The New American
by James Murphy
With so many of the world’s leaders and institutions ready to sign on to World Economic Forum boss Klaus Schwab’s “Great Reset,” we should not be surprised that the world of athletics will be among them. At least, that’s what a new UN advocacy brief is calling for.
“Recovering Better: Sport for Development and Peace Reopening, Recovery and Resilience Post COVID-19” spells out the ways that the sports we watch and participate in can help to usher in the brave new world that Schwab and other prominent globalists wish to foist upon us, whether we like it or not.
Sprinkled throughout with globalist buzz words such as “sustainable,” “transformative,” and “inclusive,” the document lays out how sports can be “an ends and a means in the recovery from the impacts of COVID-19.”
“The multifaceted and unprecedented impacts of the COVID-19 pandemic have torn at the already fraying social fabric, deepening inequalities, sharpening divides and heralding a need for transformative change,” writes UN Secretary General António Guterres in the forward for the brief.
“The world of sport was among those sectors most visibly affected — both hard and early. Already a pioneer and promoter of inclusive and sustainable development in an unstable and unequal world, the sporting world must now redefine and redesign itself, not only to improve its resilience to future shocks, but to broaden its contribution to the world’s efforts to meet the Sustainable Development Goals,” wrote Guterres.
Sports was indeed one of the most visible ways in which the COVID-19 pandemic affected us all. Only a day after the World Health Organization (WHO) belatedly declared the coronavirus a pandemic, the National Basketball Association in the United States became the first major sports league to interrupt its season after a player tested positive for the virus. Shortly after the NBA stopped play, every other major sports entity in the world fell quickly into line, suspending play and canceling or postponing their seasons.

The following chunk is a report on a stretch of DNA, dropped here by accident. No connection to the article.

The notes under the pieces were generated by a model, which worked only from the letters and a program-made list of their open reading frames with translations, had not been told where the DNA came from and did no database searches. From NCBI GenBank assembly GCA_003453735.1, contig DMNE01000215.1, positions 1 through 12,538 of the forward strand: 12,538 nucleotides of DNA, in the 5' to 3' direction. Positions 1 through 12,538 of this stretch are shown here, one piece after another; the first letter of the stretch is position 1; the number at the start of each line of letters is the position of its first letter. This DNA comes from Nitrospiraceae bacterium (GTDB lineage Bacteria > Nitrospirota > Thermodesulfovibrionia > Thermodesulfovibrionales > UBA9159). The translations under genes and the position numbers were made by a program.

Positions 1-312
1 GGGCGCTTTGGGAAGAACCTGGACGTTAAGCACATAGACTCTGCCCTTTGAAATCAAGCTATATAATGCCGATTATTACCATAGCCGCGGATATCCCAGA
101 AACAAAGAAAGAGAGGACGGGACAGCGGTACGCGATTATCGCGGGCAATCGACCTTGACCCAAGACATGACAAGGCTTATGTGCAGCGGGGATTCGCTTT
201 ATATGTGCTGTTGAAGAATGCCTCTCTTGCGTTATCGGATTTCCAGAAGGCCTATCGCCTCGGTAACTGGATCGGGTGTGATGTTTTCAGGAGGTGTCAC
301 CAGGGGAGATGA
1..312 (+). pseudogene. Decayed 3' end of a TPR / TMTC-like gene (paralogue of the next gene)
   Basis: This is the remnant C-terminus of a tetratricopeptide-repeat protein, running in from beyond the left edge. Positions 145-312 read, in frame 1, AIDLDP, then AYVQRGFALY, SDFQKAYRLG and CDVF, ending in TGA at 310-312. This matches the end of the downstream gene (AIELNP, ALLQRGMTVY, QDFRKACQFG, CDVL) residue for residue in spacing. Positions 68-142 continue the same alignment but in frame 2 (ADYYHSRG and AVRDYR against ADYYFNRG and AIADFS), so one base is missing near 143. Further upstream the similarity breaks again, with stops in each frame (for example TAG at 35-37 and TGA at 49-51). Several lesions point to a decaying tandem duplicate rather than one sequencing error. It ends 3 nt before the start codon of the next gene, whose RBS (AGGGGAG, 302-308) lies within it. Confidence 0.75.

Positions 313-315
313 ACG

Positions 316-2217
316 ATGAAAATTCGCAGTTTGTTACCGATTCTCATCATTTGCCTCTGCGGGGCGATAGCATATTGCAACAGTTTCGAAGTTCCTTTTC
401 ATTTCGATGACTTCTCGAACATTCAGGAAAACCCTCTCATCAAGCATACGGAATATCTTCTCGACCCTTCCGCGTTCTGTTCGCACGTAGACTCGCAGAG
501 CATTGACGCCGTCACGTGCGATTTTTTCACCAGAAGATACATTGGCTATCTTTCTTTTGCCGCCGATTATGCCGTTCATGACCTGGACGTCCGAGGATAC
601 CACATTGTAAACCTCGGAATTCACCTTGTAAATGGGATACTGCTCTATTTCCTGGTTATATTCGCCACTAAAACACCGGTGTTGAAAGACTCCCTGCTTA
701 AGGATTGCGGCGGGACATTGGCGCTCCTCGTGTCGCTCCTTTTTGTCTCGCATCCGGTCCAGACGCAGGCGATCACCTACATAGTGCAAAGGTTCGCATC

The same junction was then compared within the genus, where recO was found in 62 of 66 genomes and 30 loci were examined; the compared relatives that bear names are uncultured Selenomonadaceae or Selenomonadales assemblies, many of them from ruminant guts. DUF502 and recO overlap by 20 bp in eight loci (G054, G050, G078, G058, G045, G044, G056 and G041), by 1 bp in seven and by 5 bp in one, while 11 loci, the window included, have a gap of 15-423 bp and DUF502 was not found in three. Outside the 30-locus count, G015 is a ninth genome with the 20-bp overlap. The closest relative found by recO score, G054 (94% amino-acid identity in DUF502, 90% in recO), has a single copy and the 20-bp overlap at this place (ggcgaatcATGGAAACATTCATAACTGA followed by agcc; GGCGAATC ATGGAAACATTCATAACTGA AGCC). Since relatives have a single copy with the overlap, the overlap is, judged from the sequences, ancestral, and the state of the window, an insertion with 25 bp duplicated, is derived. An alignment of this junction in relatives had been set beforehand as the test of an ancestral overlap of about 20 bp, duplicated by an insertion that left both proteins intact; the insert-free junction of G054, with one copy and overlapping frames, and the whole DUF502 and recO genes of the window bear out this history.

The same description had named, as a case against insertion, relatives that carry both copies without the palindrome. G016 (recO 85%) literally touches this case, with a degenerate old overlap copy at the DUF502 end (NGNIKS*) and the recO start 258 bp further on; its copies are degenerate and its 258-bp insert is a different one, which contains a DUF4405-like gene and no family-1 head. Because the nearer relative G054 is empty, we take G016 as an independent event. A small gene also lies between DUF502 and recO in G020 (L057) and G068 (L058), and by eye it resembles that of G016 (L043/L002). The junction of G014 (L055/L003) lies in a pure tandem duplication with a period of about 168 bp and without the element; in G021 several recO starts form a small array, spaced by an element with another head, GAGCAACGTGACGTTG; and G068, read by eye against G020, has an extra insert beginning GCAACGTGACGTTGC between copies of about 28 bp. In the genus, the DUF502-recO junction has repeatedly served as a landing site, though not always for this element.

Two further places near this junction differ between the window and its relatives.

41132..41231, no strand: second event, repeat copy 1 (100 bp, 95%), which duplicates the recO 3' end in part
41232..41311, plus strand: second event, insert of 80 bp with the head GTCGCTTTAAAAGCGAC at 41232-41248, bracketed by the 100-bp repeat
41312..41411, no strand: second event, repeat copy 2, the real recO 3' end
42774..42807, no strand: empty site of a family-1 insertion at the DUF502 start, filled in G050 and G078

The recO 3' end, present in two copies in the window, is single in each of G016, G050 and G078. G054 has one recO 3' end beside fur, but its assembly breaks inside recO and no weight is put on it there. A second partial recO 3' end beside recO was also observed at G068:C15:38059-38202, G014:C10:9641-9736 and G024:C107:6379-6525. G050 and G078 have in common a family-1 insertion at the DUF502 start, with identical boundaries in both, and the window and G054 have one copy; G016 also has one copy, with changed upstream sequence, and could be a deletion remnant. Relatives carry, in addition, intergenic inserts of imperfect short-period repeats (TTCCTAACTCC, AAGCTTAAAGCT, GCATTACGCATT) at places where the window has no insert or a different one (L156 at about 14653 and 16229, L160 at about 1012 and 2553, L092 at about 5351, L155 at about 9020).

As much as masks, social distancing, and lockdowns, the disruption of our sporting events made the COVID-19 pandemic real to many of us.
The UN advocacy brief focuses on how the sports world can become good global citizens in a number of ways. First, it can assist in the UN’s efforts to implement Agenda 2030.
From the brief: “The 2030 Agenda for Sustainable Development recognizes sport as an important enabler of sustainable development. It highlights the growing contribution of sport to the realization of development and peace in its promotion of tolerance and respect.”
Sports can be used, the brief contends, to “be vehicles to develop and bolster the social and emotional skills in children and young people.” In addition, sports can be used for “promoting positive behavioral changes, public health practices and social safety measures, and for de-stigmatizaton of mental health issues.”
In addition, according to the UN, sports can be a way to promote “gender equality,” reduce inequality, promote “sustainable cities and communities,” and be a strong voice for “climate action.”
The United Nations is not the only group looking to turn sports into good global citizens. The Sustainable Sport Research Collective was established in the summer of 2020 in order to advocate the integration of environmental sustainability into the sports world. Among their goals is for the sports world to achieve “gender balance at all levels of management,” “net-positive water impact,” “zero waste to landfill,” and “land degradation neutrality.”
Speaking as a lover of sports, I don’t watch them for the messages they promote or for their environmental consciousness. I watch sports to see if my favorite team wins. As a matter of fact, when I see obvious political and cultural messages written on the fields and playing surfaces, it offends me and makes me less inclined to casually view sports.
And many agree with that opinion. After the NBA returned in their “bubble” format this summer, ratings for the games dropped significantly, largely due to the Black Lives Matter sign written prominently in the middle of the court. Similar ratings drops occurred in Major League Baseball and the National Football League when controversial slogans were printed on those fields of play.
Sports already champions many positive messages, including fair play, sportsmanship, healthy lifestyles, and high achievement. Can’t that be enough?
Rest assured, if there’s an institution that you love — be it sports, religion, entertainment, or whatever — the globalists want to get their hooks into it, and by extension, into you.